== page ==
Figure 3d shows the biases of CSF estimates, obtained from the quick CSF method using 2, 4, 8, 10, and 16 AFC tasks, as functions of trial number. No systematic bias was found for all these procedures. In about 15 trials, the bias of threshold estimates obtained in all but the 2AFC tasks is less than 0.01 log unit. To reach 0.01 log unit bias, the quick CSF procedure with the 2AFC task requires at least 44 trials. The bias is 0.003, 0.005, 0.005, 0.005, and 0.005 log unit for the 2, 4, 8, 10, and 16 AFC tasks after 300 trials, respectively. 
Figure 4 shows the relative efficiencies of the 4, 8, 10, and 16 AFC quick CSF procedures compared to the 2AFC quick CSF procedure. All relative efficiencies increase with increasing number of alternatives and number of trials. After 50 trials, the relative efficiency of the quick CSF procedure with 4, 8, 10, and 16 AFC is 156%, 211%, 221%, and 255%, respectively. After 300 trials, the relative efficiency of the quick CSF procedure with 4, 8, 10, and 16 AFC is 195%, 305%, 366%, and 443%, respectively. Taken together, the simulation results show that increasing the number of alternatives in an m-AFC task can substantially improve the efficiency of the quick CSF method. It also suggests that the benefit of large alternative number is even greater with more trials. 
Figure 4
 
The relative efficiencies of the quick CSF procedures with 4, 8, 10, and 16 AFC tasks as functions of trial number.
Figure 4
 
The relative efficiencies of the quick CSF procedures with 4, 8, 10, and 16 AFC tasks as functions of trial number.
It has been known that one major concern about Bayesian adaptive methods is that these methods may be unstable if there are some lapse trials at the beginning of the experiment (Kontsevich & Tyler, 1999), which usually contains stimuli way above the threshold. To evaluate the effect of lapse, we simulated three observers with a 100% lapse rate (Equation 3) in the first 1, 3, and 5 trials, respectively. The observers are otherwise the same as the simulated observer in our simulation study who had a 0.04 lapse rate. The CSFs of the simulated observers were measured by the 10AFC quick CSF procedure. The standard deviation, HWCI and bias of the estimated CSFs are plotted as functions of trial number in Figure 5, along with those of the 10AFC observer from Figure 2. Lapse in the beginning of the quick CSF procedure significantly impacted the quality of CSF estimated by the quick CSF procedure. To reach a standard deviation of 0.1 log unit, the observer who makes a lapse in the first 1, 3, and 5 trials needs 27, 38, and 50 trials, respectively, compared to 24 trials for the observer with a 0.04 lapse rate. To reach a HWCI of 0.1 log unit, the observer who makes a lapse in the first 1, 3, and 5 trials needs 28, 35, and 45 trials, respectively, compared to 27 trials for the observer with a 0.04 lapse rate. To reach a 0.025 log unit bias, the observer who makes a lapse in the first 1, 3, and 5 trials needs 9, 37, and 47 trials, respectively, compared to 7 trials for the observer with a 0.04 lapse rate. These results suggest that the quick CSF procedure can recover from the detrimental impact of multiple lapses in the beginning of the experiment after about 50 trials. 
Figure 5
 
(a) Standard deviation, (b) half width of 68.2% credible interval, and (c) bias of the CSF measured by the 10AFC quick CSF procedure as functions of trial number. Red curves represent the result of an observer with a 0.04 lapse rate; green, blue, and cyan curves represent the results of an observer with 100% lapse in the first 1, 3, and 5 trials, respectively.
Figure 5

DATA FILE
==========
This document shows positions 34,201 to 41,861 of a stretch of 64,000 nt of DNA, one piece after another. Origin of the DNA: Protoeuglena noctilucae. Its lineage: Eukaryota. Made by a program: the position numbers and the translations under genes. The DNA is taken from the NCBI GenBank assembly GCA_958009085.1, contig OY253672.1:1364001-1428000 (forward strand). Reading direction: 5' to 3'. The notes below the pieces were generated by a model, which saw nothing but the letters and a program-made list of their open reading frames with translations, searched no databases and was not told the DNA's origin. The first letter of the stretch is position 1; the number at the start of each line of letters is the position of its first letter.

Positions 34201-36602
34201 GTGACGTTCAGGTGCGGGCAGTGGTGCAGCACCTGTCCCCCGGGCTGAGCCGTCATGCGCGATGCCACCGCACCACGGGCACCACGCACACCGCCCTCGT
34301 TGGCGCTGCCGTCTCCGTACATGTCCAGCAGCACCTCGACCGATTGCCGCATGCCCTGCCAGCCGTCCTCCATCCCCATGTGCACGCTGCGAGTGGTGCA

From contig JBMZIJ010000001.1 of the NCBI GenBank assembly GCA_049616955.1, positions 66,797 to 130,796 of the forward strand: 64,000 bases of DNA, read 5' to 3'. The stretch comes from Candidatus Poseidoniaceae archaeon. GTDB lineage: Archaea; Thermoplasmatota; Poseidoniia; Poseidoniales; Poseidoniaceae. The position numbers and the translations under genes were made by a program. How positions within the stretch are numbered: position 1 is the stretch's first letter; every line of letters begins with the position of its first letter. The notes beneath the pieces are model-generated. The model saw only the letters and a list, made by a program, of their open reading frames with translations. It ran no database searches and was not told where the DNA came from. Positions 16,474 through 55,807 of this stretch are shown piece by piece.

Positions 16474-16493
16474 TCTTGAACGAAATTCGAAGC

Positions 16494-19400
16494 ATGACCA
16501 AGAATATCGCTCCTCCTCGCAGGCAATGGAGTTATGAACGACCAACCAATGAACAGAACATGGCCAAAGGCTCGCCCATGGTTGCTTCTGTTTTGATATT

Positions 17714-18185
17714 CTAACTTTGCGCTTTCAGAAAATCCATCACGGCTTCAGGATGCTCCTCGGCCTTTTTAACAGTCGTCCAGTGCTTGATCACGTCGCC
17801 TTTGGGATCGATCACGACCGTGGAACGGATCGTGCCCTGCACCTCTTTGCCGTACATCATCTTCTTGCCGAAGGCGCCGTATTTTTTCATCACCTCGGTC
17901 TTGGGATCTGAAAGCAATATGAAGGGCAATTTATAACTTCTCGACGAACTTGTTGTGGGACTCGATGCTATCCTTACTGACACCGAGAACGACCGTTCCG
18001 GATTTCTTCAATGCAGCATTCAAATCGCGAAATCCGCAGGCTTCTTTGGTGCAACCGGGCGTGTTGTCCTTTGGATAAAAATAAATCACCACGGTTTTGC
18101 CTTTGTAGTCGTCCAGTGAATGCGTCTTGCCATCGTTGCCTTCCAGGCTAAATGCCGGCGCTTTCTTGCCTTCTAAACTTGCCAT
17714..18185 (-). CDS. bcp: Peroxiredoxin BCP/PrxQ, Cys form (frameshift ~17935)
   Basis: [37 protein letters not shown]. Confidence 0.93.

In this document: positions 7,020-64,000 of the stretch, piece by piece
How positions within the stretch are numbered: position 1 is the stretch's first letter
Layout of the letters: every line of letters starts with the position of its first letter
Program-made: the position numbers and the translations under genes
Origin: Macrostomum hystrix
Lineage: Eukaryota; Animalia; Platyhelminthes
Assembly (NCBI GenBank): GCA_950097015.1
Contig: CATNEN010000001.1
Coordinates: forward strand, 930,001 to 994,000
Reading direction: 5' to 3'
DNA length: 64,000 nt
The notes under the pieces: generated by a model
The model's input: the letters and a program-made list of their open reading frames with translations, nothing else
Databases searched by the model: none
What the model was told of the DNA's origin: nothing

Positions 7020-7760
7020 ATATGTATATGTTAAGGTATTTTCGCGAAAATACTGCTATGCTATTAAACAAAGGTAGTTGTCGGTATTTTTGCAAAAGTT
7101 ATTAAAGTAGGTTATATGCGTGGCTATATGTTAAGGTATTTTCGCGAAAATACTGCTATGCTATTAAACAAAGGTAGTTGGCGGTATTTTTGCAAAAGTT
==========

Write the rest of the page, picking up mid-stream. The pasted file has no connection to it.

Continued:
(a) Standard deviation, (b) half width of 68.2% credible interval, and (c) bias of the CSF measured by the 10AFC quick CSF procedure as functions of trial number. Red curves represent the result of an observer with a 0.04 lapse rate; green, blue, and cyan curves represent the results of an observer with 100% lapse in the first 1, 3, and 5 trials, respectively.
Psychophysical study
The simulation study demonstrated the substantial benefits of increasing the number of alternatives in an m-AFC task. In this section, we report a psychophysical validation study of the 10AFC quick CSF procedure with a 10-letter identification task, in which observers were asked to identify a randomly chosen letter presented on the screen in each trial. 
Our stimuli were based on the Sloan letters, C, D, K, H, N, O, R, S, V, and Z, which are widely used in optometry clinics to provide nearly identical percent correct for identification across the letter set (NAS-NRC Committee on Vision, 1981; Sloan, Rowland, & Altman, 1952). The original letter images are broadband in spectrum. They were band-pass filtered and resized to generate narrow-band stimuli to assess contrast sensitivity in different central spatial frequencies (Alexander, Xie, & Derlacki, 1994; McAnany & Alexander, 2006). In addition, the empirical Weibull psychometric function for 10AFC identification of filtered Sloan letter task has been extensively studied (Hou, Lu, & Huang, 2014). We set the slope of the Weibull psychometric function to 2.74 based on the literature. 
To validate the 10AFC quick CSF procedure, CSFs were obtained with the procedure and compared to the “true” CSFs obtained with a conventional procedure that measured individual contrast thresholds in several spatial frequencies. We chose the Psi method (Kontsevich & Tyler, 1999) and set the slope of psychometric function equal to 2.74 in the procedure to measure individual thresholds. We also compared the relative efficiencies of the quick CSF method based on the data from the 10AFC quick CSF procedure in this study and data from a 2IFC quick CSF procedure in a published paper (Hou et al., 2010). 
Method
Observers
The first author (S1) and four other observers (S2–S5), aged 23 to 33 years, participated in the study. All observers had normal or corrected-to-normal vision. All observers except S1 were naive to the purpose of the study. The study was approved by the institutional review board of human subjects research of The Ohio State University. Written informed consent was obtained before the experiment.